If your supply drops, you can increase it, even later in the game, but it is easiest to boost your supply during the first 12 weeks.

3. The info on Kellymom is right. My daughter has averaged 26 ounces per day, but her intake can swing drastically depending on teething, solids intake, etc. I don't believe the feeding requirements are different for preemies. Most peds seem to recommend feeding as much as the baby wants to eat.

Here's the link to the Begginer's Thread, where you can find more info about how much BM babies drink (and a lot more info about EPing): http://messageboards.ivillage.com/n/mb/message.asp?webtag=iv-ppexcluspump&msg=31119.68&ctx=0

-Jenn

Mom to Ashley Elizabeth, born 11/3/09

iVillage Member
Registered: 08-05-2010
Thu, 11-11-2010 - 2:55pm

I think the best tip is to think of it one day at a time. Set daily pumping goals such as, I will pump 8 times today, instead of long term goals like, I'm keeping this up until the baby is X number of months. It can be so exhausting at the beginning that it can feel impossible to think of doing it for 6 months or a year. Once you get past the 12 week hump and have a strong supply, it will get easier as you drop pumps.

Check these out:

Beginners Guide

http://messageboards.ivillage.com/n/mb/message.asp​?webtag=iv-ppexcluspump&msg=31119.68&ctx=0

iVillage Member
Registered: 11-11-2010
Thu, 11-11-2010 - 7:23pm

Congrats on your new baby! First of all do not feel guilty, you are doing what is best for you and your baby. I felt the same way I had my first baby 9 weeks ago and I was going to try and bf all of my bf friends say oh it's so easy. Well let me tell you at 3 weeks into it it was not easy for me or my little girl. First of all she had jaundice, secondly she would not latch, thirdly it took 6 days for my supply to come in, and lastly I had to use a shield to get her to latch. Try getting a screaming baby to latch and then finally get her to latch then she stops and crys and knocks it off. So to make the story short I decided to to Eping at 3 weeks, I started pumping every 3 hours for 15 minutes. She would eat every 2-3hours at 3 weeks about 2 ounces, then at 6

iVillage Member
Registered: 04-22-2006
Fri, 11-12-2010 - 12:27pm
Thank you everyone for the warm welcome and all the awesome advice. The Beginner's guide is wonderful! What a great idea to put all of that in one place :)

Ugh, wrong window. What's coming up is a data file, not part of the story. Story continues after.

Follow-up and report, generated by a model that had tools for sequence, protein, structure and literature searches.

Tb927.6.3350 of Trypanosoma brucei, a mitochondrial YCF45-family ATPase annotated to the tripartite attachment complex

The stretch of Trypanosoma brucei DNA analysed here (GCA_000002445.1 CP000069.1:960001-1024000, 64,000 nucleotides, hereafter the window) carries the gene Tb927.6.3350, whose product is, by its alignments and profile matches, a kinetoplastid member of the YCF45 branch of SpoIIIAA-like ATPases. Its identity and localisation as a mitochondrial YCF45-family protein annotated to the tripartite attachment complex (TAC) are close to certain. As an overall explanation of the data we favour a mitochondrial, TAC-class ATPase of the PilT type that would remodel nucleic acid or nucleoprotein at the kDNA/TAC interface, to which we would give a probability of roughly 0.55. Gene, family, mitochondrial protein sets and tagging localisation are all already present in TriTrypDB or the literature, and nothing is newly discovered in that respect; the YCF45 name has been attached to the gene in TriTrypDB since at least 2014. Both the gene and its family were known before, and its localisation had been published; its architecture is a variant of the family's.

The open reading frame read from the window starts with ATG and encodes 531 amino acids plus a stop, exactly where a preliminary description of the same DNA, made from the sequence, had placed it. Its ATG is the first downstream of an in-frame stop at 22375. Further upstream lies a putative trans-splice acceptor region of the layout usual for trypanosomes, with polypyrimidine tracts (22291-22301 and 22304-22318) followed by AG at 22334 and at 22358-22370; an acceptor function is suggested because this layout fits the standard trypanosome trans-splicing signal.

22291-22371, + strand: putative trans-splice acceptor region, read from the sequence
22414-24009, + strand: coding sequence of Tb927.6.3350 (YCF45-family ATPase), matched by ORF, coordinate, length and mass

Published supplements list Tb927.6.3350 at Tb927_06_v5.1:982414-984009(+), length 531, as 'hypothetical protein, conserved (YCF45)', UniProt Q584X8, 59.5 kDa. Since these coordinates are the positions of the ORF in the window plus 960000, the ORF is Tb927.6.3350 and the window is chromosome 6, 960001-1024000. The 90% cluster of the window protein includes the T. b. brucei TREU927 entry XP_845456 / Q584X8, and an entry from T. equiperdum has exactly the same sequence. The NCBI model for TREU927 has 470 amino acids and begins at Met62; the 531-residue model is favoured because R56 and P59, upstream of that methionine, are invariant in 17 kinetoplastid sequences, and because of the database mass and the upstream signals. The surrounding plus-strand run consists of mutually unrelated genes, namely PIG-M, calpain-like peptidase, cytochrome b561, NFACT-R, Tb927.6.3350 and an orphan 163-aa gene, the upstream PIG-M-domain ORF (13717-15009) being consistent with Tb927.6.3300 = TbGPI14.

I do have a couple more questions for you ladies:

1. When did you start freezing milk? Right now I probably have about a couple days worth of milk in the fridge. Should I wait until I have over a week of supply in there before I freeze any, or should I start freezing now?

2. How do you handle pumping when baby needs you? This may sound like a weird question, but right now DH is at home too so he can tend to the baby if they need to be fed/changed/held while I'm pumping. But, I'm totally worried how I can handle doing it all myself - especially in the middle of the night!




Powered by CGISpy.com

<
iVillage Member
Registered: 10-27-2007
Fri, 11-12-2010 - 3:24pm

Hi Alyssa,

Congrats on the new baby!

~Em~

Mommy to Nate and expecting a little girl Nov. 2012

iVillage Member
Registered: 10-14-2010
Fri, 11-12-2010 - 9:03pm

1.

Photobucket</

iVillage Member
Registered: 04-22-2006
Sat, 11-13-2010 - 10:06am
Thanks ladies!

Emeless - I was on the NQE board and then the newly engaged board in 2007/2008, so it probably is me you're thinking of! Thank you for sharing your experience, especially since it was so close to mine. It's nice to hear that EPing is working out for you! Right now doing this for months seems daunting, but I'm trying to just take it one day at a time. Thank you for the suggestion to try freezer milk with the baby before I freeze a ton of it just in case he doesn't like it.

emd2004 - I know what you mean about your fridge looking like a dairy! I'm looking for ways to streamline the process, and the Milk Mate rack sounds like a great idea. It also sounds like I need to start trying to pump hands free, so that I can feed baby or do other things while pumping. Right now it just feels like lost time!




Powered by CGISpy.com

<